Download JavaSpecialists – Refactoring to Streams 2.1 2020-9

Download JavaSpecialists - Refactoring to Streams 2.1 2020-9


Refactoring to Streams course 2.1. Java celebrated its 25th anniversary in 2020. Code written in Java in 1995 can still run today, even without recompiling. This is one of the most important reasons for Java’s success in organizations. Over the years, we’ve seen many improvements to make it easier to work with Java code. Internal classes were introduced in Java 1.1. A suitable framework for working with collections (Collection Framework) joined us in Java 1.2. Java 5 brought us better type safety with Generics.

But the biggest improvement for Java programmers came with Streams and Lambdas in Java 8. Now we can write Java code in a declarative style, instead of focusing on the “how” of the program’s logic, we emphasize the “what” of it. Since Java 8, we have seen a steady stream of improvements in the Java programming language. Records, Sealed Classes, Pattern Matching, Local Variable Type Inference and many more. All of these things contribute to writing great Java code.

Unfortunately, a lot of Java code is still stuck in the dark ages of Java 6. These codes need refactoring. Refactoring is a systematic technique for reconstructing an existing body of code, changing its internal structure without affecting its external behavior. – Martin Fowler In this one-day course, we will learn how and when to “rewrite” with a focus on the biggest development, Java streams. However, we will also show you what’s new in the Java programming language. This is a very practical course. Each section has exercises in which we rewrite the existing code of a large enterprise resource planning (ERP) system with 330,000 lines of code (LOC).

What you will learn

  • What is functional interface?
  • The four main types of functional user interfaces are found in the java.util.function package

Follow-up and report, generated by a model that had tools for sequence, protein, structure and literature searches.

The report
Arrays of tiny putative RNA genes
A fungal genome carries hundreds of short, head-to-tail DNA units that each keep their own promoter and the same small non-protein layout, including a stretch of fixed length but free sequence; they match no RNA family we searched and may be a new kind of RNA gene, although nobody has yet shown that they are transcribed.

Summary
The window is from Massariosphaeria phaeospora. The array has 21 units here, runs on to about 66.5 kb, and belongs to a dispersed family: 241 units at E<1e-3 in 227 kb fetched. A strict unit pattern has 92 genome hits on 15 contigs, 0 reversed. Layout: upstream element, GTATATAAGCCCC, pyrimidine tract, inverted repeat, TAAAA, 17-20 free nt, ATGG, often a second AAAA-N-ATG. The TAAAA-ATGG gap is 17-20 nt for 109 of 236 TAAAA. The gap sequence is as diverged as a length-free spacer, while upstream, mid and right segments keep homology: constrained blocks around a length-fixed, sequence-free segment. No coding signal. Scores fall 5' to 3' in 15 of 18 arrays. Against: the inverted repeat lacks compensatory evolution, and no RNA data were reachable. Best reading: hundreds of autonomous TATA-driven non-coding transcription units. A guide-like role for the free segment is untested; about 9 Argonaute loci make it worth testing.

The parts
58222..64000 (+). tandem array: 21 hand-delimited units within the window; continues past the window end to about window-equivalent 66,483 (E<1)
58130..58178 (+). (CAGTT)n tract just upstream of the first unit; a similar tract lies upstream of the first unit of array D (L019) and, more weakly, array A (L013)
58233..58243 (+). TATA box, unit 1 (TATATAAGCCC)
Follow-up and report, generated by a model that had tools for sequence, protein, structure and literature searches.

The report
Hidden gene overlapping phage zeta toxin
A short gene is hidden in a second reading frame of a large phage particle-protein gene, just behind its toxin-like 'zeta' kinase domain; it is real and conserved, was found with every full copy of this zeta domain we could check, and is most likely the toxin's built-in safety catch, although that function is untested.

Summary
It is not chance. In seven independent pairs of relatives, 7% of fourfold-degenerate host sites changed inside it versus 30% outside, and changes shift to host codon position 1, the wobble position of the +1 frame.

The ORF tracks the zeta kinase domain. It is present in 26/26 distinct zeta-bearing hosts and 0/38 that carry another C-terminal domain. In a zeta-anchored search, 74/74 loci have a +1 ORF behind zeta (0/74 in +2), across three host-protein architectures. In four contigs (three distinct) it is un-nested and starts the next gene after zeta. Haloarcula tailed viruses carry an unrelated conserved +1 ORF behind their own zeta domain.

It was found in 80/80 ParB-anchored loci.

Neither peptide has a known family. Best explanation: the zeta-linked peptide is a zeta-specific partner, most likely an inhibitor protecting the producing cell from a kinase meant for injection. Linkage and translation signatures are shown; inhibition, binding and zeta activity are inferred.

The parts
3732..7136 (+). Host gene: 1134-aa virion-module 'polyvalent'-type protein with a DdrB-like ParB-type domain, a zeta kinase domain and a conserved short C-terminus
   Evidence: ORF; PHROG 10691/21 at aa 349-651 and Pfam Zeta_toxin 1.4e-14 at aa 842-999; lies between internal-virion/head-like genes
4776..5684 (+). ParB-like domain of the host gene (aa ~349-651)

• How to markup lambdas are shorthand for an anonymous inner class based on a functional user interface
  • Short and long forms of lambdas can exist depending on their complexity
  • Method Reference as a further simplification for some forms of lambdas
  • How Default Methods and Static Methods in interfaces can use lambdas to improve generality, correctness, and readability.
  • When might it be unsafe to use methods like Map.computeIfAbsent?
  • The concept of stream and its relationship with iterable collections.
  • Why coding with streams follows algorithm logic more naturally than using for/while loops
  • Create, transform and terminate streams using filters, mappings, matchers, collectors, reducers, etc.
  • Why should we use collectors instead of forEach to build collections from a stream?
  • Using the Optional class to avoid null checks and how Optionals are used with streams
  • How to handle exceptions in lambdas using sneaky throws (without Lombok)
  • How Functional UIs, Streams, and Optionals are optimized for int, long, and double primitives

This course is suitable for people who

  • They are Java programmers with basic to intermediate knowledge
  • They want to make their Java code cleaner, more readable, and more maintainable
  • They want the latest features

Specifications of the Refactoring to Streams course 2.1

Course headings on 4/2024

Refactoring to Streams course prerequisites 2.1

  • Basic Understanding of Kubernetes and Containerization
  • Basic Understanding with Git and Version Control and GitOps Practices
  • Basic Linux/Unix Command Line Skills
  • Basic YAML syntax
  • Willingness to learn and experiment with Kubernetes

Images of Refactoring to Streams 2.1 course

Refactoring to Streams 2.1

Sample video of the course

Installation guide

After Extract, view with your favorite Player.

Subtitle: None

Quality: 1080p

download link

Download part 1 – 2 GB

Download part 2 – 2 GB

Download part 3 – 2 GB

Download part 4 – 2 GB

Download part 5 – 1.94 GB

File(s) password:


9.9 GB

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